Periyar Wildlife Sanctuary, Gavi – The sanctuary is one of the most famous in India with a number of animals including tigers and elephants. They are often found around Periyar Lake, also known as Thekkady Lake, though we couldn’t spot any. I would not recommend going to Thekkady, but to Gavi, where an ecotourism project is run by the Forest Department. They have different options with camping, bird watching, trekking, elephant safaris, and other activities within the sanctuary. The region also has the Sabarimala Temple, a famous pilgrimage shrine.

Kottayam and Munnar – These are two hill towns in Kerala that are famous for their rolling green hills with various plantations of tea, coffee, cardamom, pepper, and rubber. Kottayam is perfect for seeing rubber trees with white or blue bags hanging from the trunk where the gum of the rubber tree is collected. The rubber trees are high and barely allow sunshine to seep through. Kottayam also has tea, coffee, cardamom, and pepper plantations.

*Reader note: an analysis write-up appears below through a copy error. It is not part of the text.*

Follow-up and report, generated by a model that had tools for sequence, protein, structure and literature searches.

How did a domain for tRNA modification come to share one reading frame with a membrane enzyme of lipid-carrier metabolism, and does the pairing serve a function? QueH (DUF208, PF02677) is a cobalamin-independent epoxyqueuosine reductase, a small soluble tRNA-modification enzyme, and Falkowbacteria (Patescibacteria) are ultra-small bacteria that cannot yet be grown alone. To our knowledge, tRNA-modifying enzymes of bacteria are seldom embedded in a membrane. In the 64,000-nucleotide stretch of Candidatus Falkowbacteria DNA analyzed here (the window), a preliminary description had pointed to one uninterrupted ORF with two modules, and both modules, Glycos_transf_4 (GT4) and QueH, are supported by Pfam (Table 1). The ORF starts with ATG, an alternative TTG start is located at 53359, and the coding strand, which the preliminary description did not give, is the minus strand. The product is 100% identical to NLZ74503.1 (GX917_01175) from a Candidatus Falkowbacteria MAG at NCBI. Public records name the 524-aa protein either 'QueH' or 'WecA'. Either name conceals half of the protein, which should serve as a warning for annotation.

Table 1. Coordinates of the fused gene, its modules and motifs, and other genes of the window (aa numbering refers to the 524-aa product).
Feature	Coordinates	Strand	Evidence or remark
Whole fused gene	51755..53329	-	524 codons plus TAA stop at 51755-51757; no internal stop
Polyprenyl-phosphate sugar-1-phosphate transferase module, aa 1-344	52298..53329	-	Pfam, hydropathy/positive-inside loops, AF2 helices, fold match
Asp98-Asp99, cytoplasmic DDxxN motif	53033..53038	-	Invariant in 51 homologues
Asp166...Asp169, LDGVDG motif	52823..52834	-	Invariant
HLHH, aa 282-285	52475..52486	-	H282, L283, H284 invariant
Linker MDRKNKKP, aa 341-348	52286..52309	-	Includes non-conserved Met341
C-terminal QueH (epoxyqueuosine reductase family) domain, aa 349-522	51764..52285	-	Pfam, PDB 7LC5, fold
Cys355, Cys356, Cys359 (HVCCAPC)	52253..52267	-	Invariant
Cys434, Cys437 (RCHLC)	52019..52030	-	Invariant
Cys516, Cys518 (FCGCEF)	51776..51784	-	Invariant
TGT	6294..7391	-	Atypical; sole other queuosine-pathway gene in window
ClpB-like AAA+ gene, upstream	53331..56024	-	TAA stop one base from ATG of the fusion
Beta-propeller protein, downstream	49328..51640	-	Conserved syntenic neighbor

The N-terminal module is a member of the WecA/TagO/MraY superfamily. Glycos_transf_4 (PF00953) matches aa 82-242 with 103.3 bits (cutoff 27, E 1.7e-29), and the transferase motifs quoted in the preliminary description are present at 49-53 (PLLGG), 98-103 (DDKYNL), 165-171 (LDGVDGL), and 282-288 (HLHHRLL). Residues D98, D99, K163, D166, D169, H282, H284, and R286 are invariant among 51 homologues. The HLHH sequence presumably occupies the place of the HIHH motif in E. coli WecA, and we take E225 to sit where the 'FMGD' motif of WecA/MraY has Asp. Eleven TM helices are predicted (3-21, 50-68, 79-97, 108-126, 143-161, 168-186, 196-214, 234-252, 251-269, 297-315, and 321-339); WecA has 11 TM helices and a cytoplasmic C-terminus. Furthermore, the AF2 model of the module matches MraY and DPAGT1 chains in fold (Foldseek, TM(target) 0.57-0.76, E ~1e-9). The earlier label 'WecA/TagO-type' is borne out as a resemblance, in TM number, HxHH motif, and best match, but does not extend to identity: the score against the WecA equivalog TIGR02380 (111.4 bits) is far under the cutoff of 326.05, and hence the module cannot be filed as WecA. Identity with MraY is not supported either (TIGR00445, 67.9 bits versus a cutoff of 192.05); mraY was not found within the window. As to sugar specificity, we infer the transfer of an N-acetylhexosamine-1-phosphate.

Munnar is ideal for sunny walks amidst tea plantations. It is an experience to see hills covered with tea bushes stretching into the horizon with silver oak trees standing among them. The trees provide partial shade to bushes. I’d recommend staying on a plantation rather than a hotel in these places since early morning or after-meal walks rejuvenate your mind. There are many ayurvedic spas in the region that you might want to try out.

Varkala – A white sand beach for water lovers, and cliffs for trekking. This is what describes Varkala. It’s the only place in Kerala, a land of flat beaches, where cliffs are adjacent the Arabian Sea beach. It is pristine beauty that holds you in awe while you sunbathe on the beach, or sit on the edge of a cliff to watch the deep sea rumble and roll its waves. There are many beach resorts to stay in; many have spas and private beaches as well. Varkala also has a famous temple, the Janardana Swami Temple, which is 900 years old, dedicated to Lord Vishnu and his avatars, for which Varkala is often referred to as the Benaras (or Varanasi) of South India.